A couple of hundred meters further out are some deeper dive sites, often with strong currents. Moc Che Deep is a sheer wall dive that begins at 20m (65ft.) and bottoms out in the sand at 30m (100ft.).  A mixture of hard and soft corals provide habitat for moray eels, king crab, lobster, and sea turtles. Bull sharks, hammerheads, and eagle rays are common during the winter months. Rather than a single drop off wall, Pared Verde has sections of wall interspersed with sloping areas of sand. Wall formations begin at 21m (70ft.) and drop down to 30m (100ft.).

The only shipwreck in the area, the Mama Viña is a 27m (90ft.) ferry that was sunk to serve as artificial reef and recreational dive site. A more advanced dive, the ferry sits upright in 27m (90ft.) of water with very strong currents. Large schools of jacks and barracudas are ever present.  

In Playa del Carmen, the diving does not stop when you get out of the ocean. Cenotes (sink holes) are created when the limestone bedrock collapses, exposing the underground river systems that flow beneath the Yucatán Peninsula.  Diving in water with no current with good visibility allows for close inspection of the intricate rock formations and marine life. 

Diving Playa del Carmen, Credit

The cenotes often connect to elaborate underwater cave systems. Cave diving on the peninsula draws divers from around the world.  Horizontal penetration, complicated navigation, deep depths, and strong currents make this one of the most hazardous forms of diving.  Only specially trained, advanced divers should attempt the caves.

The cenotes that are open to the public have good park facilities. Cenote Azul is a small, uncrowded cenote with turquoise waters, mini-cliffs and smaller pools.The Cenote Ponderosa (also known as the ‘Garden of Eden’) has a maximum depth of 15m (49ft.).  A rocky ceiling juts out over part of this sacred Mayan site; offerings of gold and jade were cast into the cenote and the surrounding rock ran red with blood as the Mayans made their human sacrifices.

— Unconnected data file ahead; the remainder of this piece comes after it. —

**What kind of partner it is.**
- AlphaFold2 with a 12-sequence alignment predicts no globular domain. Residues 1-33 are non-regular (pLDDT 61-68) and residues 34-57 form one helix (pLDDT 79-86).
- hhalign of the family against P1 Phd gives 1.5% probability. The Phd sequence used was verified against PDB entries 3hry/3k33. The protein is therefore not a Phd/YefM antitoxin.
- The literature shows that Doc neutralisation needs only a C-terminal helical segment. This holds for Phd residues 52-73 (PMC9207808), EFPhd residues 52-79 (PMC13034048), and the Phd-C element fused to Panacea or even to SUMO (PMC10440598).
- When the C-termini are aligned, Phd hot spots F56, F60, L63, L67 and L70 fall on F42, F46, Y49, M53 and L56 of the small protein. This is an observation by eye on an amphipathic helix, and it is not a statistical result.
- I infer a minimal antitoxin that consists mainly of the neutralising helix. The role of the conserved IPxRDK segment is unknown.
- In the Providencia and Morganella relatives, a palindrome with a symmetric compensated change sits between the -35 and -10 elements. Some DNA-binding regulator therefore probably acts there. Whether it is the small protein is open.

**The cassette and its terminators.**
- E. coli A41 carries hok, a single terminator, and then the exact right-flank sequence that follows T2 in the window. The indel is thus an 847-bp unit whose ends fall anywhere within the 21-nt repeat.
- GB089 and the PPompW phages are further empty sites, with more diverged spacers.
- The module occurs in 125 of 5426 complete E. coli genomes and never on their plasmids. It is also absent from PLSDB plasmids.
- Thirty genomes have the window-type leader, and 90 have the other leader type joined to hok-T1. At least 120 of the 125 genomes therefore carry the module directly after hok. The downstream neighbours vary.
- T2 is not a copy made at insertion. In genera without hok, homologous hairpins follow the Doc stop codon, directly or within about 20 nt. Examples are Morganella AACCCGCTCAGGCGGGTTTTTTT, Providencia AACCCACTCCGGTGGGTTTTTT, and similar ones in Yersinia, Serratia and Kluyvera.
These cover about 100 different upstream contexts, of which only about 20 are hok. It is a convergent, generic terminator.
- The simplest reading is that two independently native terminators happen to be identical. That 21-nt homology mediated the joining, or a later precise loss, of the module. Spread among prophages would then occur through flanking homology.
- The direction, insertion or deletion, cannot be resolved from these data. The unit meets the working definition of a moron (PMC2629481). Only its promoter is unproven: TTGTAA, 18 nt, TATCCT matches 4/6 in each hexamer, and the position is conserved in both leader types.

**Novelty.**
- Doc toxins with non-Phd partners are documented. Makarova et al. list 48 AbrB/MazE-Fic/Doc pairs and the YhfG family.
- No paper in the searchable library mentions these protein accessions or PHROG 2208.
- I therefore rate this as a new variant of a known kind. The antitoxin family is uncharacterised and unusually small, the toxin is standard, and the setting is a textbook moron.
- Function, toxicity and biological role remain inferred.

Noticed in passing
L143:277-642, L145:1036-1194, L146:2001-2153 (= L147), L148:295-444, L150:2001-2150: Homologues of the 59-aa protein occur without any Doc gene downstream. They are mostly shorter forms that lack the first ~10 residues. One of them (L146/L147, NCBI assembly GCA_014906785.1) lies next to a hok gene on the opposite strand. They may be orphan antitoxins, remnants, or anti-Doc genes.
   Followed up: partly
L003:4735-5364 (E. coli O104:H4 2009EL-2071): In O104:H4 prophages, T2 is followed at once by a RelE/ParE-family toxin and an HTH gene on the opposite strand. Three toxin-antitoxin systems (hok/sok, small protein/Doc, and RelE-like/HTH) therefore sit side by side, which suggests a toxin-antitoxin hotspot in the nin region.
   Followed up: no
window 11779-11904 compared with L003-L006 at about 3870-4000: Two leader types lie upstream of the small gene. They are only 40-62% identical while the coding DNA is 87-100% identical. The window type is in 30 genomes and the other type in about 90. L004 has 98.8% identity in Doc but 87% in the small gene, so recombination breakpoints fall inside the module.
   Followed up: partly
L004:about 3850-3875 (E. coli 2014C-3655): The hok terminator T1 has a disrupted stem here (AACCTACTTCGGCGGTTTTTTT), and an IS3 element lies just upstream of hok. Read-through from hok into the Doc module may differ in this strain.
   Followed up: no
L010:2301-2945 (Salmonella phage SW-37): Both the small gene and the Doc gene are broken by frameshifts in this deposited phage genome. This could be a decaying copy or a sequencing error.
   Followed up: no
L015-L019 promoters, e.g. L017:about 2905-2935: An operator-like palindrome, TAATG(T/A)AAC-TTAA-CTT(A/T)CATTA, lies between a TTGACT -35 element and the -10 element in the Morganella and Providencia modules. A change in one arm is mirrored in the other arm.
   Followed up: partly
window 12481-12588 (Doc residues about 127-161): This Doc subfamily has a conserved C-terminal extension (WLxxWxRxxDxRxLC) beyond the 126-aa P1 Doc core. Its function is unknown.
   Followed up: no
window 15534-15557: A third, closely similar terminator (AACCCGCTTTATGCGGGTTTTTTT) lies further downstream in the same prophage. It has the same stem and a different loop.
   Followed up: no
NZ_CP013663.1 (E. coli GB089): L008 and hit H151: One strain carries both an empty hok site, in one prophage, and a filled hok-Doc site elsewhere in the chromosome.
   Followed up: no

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How to Get there

Most visitors fly into the Cancún International Airport, 50km (31 miles) north of Playa del Carmen.  An alternative is to fly into Cozumel International Airport and ride the ferry across to Playa del Carmen.

From the Cancún International Airport, there are buses, private transfer companies, and rental cars available.  Playa del Carmen is pedestrian friendly; 5th Avenue does not allow vehicles except for early morning deliveries.  You can reach anywhere you wish to go on foot or bicycle.  Bicycle rentals are readily available.

Playa del Carmen Aerial view, Credit

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Where to Eat & Drink

From street food to upscale international cuisine, Playa del Carmen has more restaurants (over 700) than any other town on the Riviera Maya!

Puerto de Playa del Carmen, Credit